Another politically correct cover up, presently and almost daily, on the air pushing into our psyche a lie. Many children have been sexually abused by Catholic priests who sold themselves to an organisation who go under the banner of Christian. Thereby having access to children easily, as they were sold to the public as belonging to a charitable and benevolent organisation. And how they did that was, to take the teachings of Christ, via the bible and profess their affiliation and observance to its teachings. The teachings and the organisation remained devout in its philosophy through the ages. It civilised whole swathes of the planet. But, parts of the teaching within that bible did not sit well with those who were not seen as healthy in it. So, they joined the organisation and declared allegiance to the doctrine and used it to get access to and sexually abuse the children of the people who joined and believed in it. Their rejection created the old adage of, if you can’t beat them join them.

      The sexual abuse was covered up by the organisation and they protected the men, and it was men as priests are not female, in order to allow them to continue to use peoples children as sexual fodder. Most of the children suffering under this horror were boys. Most of the abusers liked boys, girls were not considered such a delicacy. Yet, the attack we hear of and see, via the adults who were abused, are not asking why the organisation was filled with these abusers, They are condemning the Christian Church for being taken in by their own doctrine. To be tolerant, find the good in the sinner, turn the other cheek and so on. The quest is not to turn on the abuser, but to turn on the abused. As, the church and its teachings were abused. It was taken over and manipulated by these child offenders, in order to bring down their organisation, who they saw as having attacked there persuasion, relentlessly, throughout thousands of years via their doctrine.

      Now why would this be upheld by the present political body? Especially when other religions have likewise been taken over by these abusers in a similar way. The fault lies in the human being who is the offender and not in the teachings. Institutions of this ilk attract those who want power and the ability to abuse it. Man, therefore, should negate and remove from power those who want to use and abuse those who affiliate with such a body. In the case I have used, the abusers have taken the children of the followers in order to satiate their sexual deviance and destroy the belief in the organisation who promoted it. And it has been very successful in taking the heat off of those who carried out the despised acts in the first place. The professed claim is, it is not the abuser who is wrong to do this, its the church they belong to.They made them do it, by, asking for celibacy. Therefore, it is the Church that must be destroyed, not them.

      Again, if you take that one step further, it has taken away the freedom of speech. The accusers feel they cannot openly address their abusers as it is not allowed to do so. That would make the accuser a phobe of some kind. To point the finger at the criminal in this case means you hate the abusers pension. Which is no longer an acceptable way to attack offenders. They have fallen into special status. To call them to account is hate. And hate is a crime against humanity. In other words, a way to silence mans natural instinct to reject that which is not in his best interests.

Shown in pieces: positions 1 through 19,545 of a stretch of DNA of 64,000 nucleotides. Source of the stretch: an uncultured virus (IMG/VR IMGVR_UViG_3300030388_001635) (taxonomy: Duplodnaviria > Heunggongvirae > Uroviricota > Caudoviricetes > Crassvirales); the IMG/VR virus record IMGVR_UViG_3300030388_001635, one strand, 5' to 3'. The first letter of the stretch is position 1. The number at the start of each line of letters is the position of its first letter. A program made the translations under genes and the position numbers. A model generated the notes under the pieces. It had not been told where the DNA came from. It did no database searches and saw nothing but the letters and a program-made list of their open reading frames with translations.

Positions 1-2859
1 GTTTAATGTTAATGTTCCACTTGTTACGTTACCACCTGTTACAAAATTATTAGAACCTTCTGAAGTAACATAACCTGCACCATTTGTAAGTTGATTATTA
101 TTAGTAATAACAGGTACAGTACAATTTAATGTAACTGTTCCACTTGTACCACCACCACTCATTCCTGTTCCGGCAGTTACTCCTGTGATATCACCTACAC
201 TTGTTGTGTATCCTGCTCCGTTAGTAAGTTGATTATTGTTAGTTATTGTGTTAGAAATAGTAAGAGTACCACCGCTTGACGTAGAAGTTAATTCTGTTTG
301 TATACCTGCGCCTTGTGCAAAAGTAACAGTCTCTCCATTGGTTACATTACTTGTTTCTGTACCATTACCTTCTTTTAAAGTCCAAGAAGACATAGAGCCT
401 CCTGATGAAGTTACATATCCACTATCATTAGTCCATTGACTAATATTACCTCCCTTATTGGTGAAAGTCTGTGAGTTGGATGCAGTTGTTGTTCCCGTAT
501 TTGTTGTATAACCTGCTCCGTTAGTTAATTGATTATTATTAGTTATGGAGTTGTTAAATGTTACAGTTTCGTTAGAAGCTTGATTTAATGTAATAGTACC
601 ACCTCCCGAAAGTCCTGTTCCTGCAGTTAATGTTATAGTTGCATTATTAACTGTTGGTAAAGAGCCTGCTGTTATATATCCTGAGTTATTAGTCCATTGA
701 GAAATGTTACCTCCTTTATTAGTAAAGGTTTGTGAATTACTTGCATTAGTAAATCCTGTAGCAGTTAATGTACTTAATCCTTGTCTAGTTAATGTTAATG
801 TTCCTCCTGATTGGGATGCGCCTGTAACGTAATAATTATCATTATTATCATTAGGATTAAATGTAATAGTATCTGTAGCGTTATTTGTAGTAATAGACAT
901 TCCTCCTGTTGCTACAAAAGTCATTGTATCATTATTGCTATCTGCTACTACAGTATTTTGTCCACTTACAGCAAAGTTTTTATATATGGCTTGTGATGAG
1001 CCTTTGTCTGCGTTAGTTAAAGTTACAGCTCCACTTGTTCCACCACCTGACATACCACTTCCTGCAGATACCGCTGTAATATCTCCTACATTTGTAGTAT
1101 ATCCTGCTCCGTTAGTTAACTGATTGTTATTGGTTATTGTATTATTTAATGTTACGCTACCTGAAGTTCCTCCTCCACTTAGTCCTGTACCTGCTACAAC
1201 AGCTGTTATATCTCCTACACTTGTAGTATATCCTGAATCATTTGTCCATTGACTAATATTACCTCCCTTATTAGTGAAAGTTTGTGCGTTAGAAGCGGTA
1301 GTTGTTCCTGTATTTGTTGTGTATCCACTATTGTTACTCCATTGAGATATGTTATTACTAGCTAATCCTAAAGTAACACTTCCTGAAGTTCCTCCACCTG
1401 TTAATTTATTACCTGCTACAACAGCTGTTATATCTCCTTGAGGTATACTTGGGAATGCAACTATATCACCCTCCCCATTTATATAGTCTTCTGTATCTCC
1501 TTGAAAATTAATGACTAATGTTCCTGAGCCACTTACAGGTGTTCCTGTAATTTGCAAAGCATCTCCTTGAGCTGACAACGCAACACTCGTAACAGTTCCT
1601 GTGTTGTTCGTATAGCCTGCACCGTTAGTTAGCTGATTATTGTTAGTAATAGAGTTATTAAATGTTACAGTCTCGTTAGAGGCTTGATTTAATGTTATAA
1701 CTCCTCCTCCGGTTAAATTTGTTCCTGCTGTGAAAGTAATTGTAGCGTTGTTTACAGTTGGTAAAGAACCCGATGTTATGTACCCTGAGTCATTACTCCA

How many millions of people have been manipulated by the so called ‘human rights act’ which silences individual freedom of speech? Whilst at the same time, telling us, Freedom of Speech or Expression’ is a human right. Likewise the right to ‘Freedom of Association.’ We are persuaded these are our legal right as individuals, yet, we are forbidden to object to mass immigration or multiculturalism on the grounds it is ‘racist’ to do so. And racism is not a human right. Thereby forcing you to accept all that you find unacceptable in other cultures and their teachings or lifestyle, as to condemn it and reject it, is a crime against humanity. And we wonder why we feel we have been spun into an intolerable madness that is impossible to remove ourselves from.

  11. avatar
    Marc

    Immigration is eroding national culture

    • avatar
      jthk

      How many national culture remains in this global era? Culture is not static. It changes according to time.

  12. avatar
    Magdalena

    There is a general tendency to use the term racist when people want to force others to self-censor because they cannot be censored based on law on freedom of speech. So basically people call racist opinions that they disagree with.

    I haven’t really heard anyone being called racist because of their views on refugees. However, I really think whether the opinions are racist depends on what they are. And if they are based on people’s appearance then this needs to be challenged.

  13. avatar
    Marc Cheyne

    For fear of being branded racist, UK Police turned a blind eye against 1st and 2nd generation Muslim immigrants that groomed and raped thousands of vulnerable children and young women throughout the north of England.

    They are doing the same thing in London today, about immigrant gangs that a drug dealing and fatally stabbing young men almost every week.

    The EU’s policy of accepting millions of unskilled migrants from Africa and the Middle East is ruining Europe.